I have been out as a transgender woman in my private life since last fall. But in April, after Memorial Day, I decided to come out in my role as a managing director in corporate communications at Goldman Sachs.
The transition in the workplace has been about as seamless as possible. Goldman Sachs has created an incredibly supportive environment including almost daily interactions with our office of Diversity and Inclusion to make the process smooth; generous health insurance benefits that cover the medical side of my transition; and overwhelming encouragement from co-workers.
One unique aspect of coming out in the workplace as a transgender communications pro is the process of having to inform reporters who cover Goldman Sachs and the possibility that it might trigger stories. After all, on the Friday before Memorial Day, I left Goldman Sachs as Michael and on the Tuesday after came into work as Maeve.
I am keenly aware that it’s never good when a flak becomes the story. And thankfully, through a combination of effort and good fortune, so far in my 18-year career I have largely avoided that.
I concluded early on that coming out at work was tantamount to coming out publicly and therefore I was not especially concerned with stories being written about this process.
As a matter of fact, some of the reporters who cover Goldman Sachs were among the first people I told professionally. I talk to these reporters on a daily basis and they’ve almost become friends. So it made sense to tell them early on.
At a social gathering with journalists in early May, I told a New York Times reporter that I was transgender and would be coming out at work. She called me several days later and indicated an interest in writing something about my transition within Goldman Sachs.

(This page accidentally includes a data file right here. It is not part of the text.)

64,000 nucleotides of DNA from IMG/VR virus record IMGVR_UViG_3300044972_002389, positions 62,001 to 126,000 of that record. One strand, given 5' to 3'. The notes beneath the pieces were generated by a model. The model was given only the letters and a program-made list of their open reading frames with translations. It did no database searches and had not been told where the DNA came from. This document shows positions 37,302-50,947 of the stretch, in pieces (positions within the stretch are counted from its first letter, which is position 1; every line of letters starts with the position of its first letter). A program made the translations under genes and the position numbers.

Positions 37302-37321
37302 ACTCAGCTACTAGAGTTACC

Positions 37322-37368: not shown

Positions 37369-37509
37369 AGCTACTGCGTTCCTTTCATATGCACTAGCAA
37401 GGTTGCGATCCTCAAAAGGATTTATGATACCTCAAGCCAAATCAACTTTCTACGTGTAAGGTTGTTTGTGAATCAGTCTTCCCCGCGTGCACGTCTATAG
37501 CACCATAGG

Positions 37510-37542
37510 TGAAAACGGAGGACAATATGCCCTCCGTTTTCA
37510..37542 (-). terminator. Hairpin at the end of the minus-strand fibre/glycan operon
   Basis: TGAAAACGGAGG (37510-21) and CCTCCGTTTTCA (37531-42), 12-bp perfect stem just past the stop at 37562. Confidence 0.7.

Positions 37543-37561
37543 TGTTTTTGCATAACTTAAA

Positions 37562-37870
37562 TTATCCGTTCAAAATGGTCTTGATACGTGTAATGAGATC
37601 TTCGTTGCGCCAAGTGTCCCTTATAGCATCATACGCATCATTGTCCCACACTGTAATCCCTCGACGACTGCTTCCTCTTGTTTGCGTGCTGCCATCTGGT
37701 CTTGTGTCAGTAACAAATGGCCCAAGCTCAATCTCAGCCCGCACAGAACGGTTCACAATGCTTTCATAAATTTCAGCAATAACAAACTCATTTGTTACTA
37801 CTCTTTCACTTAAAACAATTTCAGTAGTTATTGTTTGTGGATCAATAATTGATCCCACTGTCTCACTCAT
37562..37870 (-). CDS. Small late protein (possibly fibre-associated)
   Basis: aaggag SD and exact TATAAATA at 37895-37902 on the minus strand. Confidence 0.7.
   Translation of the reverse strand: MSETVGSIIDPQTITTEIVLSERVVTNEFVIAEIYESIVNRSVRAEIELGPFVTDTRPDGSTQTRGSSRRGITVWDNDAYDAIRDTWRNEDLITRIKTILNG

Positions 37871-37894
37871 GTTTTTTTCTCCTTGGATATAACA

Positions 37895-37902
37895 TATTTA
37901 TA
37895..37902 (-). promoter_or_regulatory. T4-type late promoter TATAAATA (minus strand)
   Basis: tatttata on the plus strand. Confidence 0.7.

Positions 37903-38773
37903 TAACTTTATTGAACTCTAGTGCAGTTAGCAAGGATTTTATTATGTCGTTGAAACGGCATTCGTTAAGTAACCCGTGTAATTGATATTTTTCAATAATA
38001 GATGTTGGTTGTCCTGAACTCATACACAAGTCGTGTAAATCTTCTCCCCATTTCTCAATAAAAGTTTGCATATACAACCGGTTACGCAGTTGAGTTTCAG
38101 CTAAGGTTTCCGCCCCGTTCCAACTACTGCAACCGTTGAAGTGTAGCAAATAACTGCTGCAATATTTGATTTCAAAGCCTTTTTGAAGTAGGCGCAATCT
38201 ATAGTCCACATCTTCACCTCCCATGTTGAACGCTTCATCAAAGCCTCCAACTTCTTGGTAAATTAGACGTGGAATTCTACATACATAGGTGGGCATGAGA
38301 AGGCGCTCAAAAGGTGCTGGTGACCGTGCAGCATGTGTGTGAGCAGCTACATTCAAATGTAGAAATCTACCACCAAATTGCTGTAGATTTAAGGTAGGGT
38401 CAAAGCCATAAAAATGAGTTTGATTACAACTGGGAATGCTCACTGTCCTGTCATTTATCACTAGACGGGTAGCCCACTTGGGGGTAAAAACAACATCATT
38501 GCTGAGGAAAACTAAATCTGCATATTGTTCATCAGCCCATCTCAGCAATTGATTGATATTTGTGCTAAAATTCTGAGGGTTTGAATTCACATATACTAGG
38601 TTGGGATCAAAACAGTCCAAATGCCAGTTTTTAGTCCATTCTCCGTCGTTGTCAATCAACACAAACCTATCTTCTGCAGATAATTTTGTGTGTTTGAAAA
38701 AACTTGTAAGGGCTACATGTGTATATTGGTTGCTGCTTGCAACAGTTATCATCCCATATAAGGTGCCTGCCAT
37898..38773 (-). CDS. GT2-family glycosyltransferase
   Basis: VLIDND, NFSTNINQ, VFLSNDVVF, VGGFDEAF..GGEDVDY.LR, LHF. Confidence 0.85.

I did not expect to get any special treatment. But I hoped and believed that my philosophy of treating reporters respectfully had generated the type of goodwill whereby nobody would attempt to position the transition in a bad light.
We made the decisions around this story as we would any story, and included both Jake Siewert, global head of communications, and another experienced press officer who handles human resources matters.
A lot of the content for the story was personal and I had discretion to share that information. But I was keenly aware of my lack of objectivity for this story and therefore was happy to have additional support from my colleagues.
After the story ran, I received an overwhelming amount of encouragement from people in both my personal and professional lives, including reporters and other PR pros. I’m now trying to turn my attention back to my normal job; helping manage stories for others at Goldman Sachs.
Maeve DuVally is a managing director of corporate communications at Goldman Sachs.